From the February/March 2018 Issue  

Vintage Revisited

Writer Marirose Krall  |  Photographer Wing Wong  |  Designer Tracey Stephens, CID, Allied ASID  |  Builder European Craftsman LLC  |  Location Montclair, NJ
  • The range was the starting point for all the colors in the kitchen. A local mosaic artist created the backsplash mural. Featuring three pheasants on a snowy bramble background, it contains small hits of orange to coordinate with the copper trim on the range.

  • STORAGE SPACE | The renovation included removing a wall between the kitchen and the butler’s pantry. Designer Tracey Stephens replaced that with new cabinetry for added storage and counter space. The cabinet in the corner between the windows was original to the home, as were the upper cabinets on the wall at left.

  • BANQUETTE | The Preuningers know all too well that pets can be a handful, so the kitchen is built for endurance. On the banquette, “the seat cushions are faux leather,” the designer says. “It’s very durable. It needed to stand up to heavy use.” Alice Preuninger prefers the banquette to a table and chairs. In the former space, “the table would move and the chairs would hit the wall.”

  • The original cabinets, complete with vintage leaded glass and new orange interiors, hold the homeowners’ collection of china.

A century-old kitchen in Montclair, NJ gets an update.

The kitchen in Alice and Jim Preuninger’s early 20th-century home was reflective of the era in which it was built—it was the domain of the servants. “We even had the original call bells,” Alice Preuninger says of the Downton Abbey-esque nature of the former space. The long narrow area was broken into two rooms: a butler’s pantry and the main kitchen. “It was cool, but it wasn’t practical.”

Still, the family was making it work—until one hectic morning involving a sick cat who Preuninger was up with much of the night, a school run and a pizza box on the range. Jaeger, the family’s Wirehaired Vizsla, apparently tried to help himself to a slice and, in the attempt, somehow turned on a burner. Preuninger returned home to find four police cars, a fire truck and an ambulance outside her home. Fortunately, the story has a happy ending; no humans or pets were harmed. The kitchen, however, was not so lucky.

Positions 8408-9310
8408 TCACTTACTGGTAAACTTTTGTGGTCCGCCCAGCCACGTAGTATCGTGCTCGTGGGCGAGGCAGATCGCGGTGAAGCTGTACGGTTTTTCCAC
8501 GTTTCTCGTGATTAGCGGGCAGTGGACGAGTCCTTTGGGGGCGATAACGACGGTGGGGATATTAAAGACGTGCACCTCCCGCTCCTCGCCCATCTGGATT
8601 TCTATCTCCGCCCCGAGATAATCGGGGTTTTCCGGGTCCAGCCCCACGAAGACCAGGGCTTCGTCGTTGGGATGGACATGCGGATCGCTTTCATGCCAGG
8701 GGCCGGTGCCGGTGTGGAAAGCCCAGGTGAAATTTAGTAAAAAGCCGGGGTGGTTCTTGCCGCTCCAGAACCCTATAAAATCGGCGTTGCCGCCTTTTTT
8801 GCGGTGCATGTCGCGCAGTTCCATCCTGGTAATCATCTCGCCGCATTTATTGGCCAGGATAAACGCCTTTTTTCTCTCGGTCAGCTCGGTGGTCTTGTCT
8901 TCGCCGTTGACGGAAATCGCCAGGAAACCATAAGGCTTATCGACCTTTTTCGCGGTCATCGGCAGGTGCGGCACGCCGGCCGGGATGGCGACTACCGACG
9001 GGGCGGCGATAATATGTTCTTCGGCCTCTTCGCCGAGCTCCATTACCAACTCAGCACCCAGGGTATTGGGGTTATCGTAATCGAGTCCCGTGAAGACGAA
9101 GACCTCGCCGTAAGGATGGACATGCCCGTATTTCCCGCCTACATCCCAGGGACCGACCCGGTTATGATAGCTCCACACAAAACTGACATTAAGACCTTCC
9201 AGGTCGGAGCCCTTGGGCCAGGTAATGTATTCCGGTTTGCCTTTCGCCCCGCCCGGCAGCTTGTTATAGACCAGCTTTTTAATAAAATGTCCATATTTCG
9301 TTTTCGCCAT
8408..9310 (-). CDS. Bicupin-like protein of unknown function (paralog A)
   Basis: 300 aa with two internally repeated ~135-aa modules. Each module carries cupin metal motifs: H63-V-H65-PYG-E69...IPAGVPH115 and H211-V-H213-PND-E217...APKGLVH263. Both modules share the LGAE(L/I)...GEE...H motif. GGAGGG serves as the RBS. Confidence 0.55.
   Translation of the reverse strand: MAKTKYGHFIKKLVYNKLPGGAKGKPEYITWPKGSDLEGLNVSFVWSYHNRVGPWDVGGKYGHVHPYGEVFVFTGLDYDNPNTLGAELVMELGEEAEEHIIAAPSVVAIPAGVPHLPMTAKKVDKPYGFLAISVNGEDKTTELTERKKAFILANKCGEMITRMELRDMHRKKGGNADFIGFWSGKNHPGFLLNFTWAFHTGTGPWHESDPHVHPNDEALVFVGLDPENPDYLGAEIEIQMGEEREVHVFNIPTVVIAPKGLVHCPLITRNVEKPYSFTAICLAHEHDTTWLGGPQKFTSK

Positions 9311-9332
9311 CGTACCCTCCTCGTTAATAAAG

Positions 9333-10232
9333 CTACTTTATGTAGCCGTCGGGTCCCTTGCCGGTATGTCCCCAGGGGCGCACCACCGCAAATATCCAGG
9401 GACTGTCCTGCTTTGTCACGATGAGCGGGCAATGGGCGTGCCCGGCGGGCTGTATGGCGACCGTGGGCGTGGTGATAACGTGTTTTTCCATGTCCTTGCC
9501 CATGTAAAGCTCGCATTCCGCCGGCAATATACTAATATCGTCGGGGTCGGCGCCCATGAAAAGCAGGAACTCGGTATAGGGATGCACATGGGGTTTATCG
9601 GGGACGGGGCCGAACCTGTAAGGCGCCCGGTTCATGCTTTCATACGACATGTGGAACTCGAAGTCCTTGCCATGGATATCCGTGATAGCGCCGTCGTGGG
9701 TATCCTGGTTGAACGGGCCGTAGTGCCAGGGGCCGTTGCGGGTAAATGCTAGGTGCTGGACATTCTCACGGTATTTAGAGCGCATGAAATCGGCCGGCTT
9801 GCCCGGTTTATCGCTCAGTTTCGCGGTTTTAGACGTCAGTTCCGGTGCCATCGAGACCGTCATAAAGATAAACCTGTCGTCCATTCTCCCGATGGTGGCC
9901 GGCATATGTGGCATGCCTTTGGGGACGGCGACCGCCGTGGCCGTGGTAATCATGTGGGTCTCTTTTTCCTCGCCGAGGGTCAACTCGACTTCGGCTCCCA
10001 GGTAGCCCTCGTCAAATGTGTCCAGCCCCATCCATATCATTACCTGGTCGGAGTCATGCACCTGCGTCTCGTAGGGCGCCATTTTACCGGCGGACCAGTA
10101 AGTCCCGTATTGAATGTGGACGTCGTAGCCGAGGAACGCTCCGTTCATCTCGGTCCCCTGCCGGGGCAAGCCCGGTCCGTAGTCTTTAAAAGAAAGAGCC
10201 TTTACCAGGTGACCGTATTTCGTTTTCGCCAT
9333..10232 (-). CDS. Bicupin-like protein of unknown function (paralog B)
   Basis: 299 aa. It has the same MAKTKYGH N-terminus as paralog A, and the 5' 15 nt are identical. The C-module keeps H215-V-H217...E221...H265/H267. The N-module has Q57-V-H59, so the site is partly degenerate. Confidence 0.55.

Tracey Stephens, of Montclair, NJ-based Tracey Stephens Interior Design, stepped in to create a new kitchen from the literal ashes of the old one. One of the goals of the project was to “create a better layout,” Stephens says. She achieved that goal by “removing the wall between the two spaces and creating a built-in banquette so the space is better integrated.”

Though the new kitchen includes all the modern conveniences, Preuninger wanted to be sure the style would be compatible with the home’s pedigree. “I still wanted vintage,” she says. “I don’t like when I walk into an old house and there’s a very modern space. It doesn’t do the house justice.” To that end, the room features the original leaded-glass cabinetry in the eating area, supplemented with new cabinets for added storage.

The slate floor is laid out in a herringbone pattern. “I have this design on the other side of the house in the sunroom,” Preuninger says. “I wanted to use materials that would be more of the period.” The glazed subway tile backsplash—though new—looks period appropriate. “It’s not perfect,” Preuninger notes. “There’s texture to it. It’s about as imperfect as you can get. It looks more vintage than the perfect ones.”

The tile is white, as is the cabinetry. But that neutral foundation is surrounded by bold color, which stemmed from one of Preuninger’s must-haves. “We based all of our colors on the stove,” she says of the blue La Cornue range. “It’s got that whole vintage-y look.” The trim on the range is copper, so Stephens brought in orange accents to balance the blues in the room. The interiors of both china cabinets are painted orange. The striking chandelier over the table, imported from France, features orange fruit among twisting vines. That piece is a favorite of the homeowners. “It’s such a cozy spot,” Preuninger says of the breakfast nook. “Something special needed to be there. It’s a big shape, but it doesn’t feel heavy.”

Stephens, a state-certified interior designer and allied member of the American Society of Interior Designers, says the new space reflects the personality of her clients. “They are enthusiastic cooks who host dinner parties,” she says. “They wanted a kitchen that could run efficiently for family meals and also for entertaining.” The designer was able to create that practical space while also incorporating the family’s “love of color fabrics, patterns and a feeling of fun.”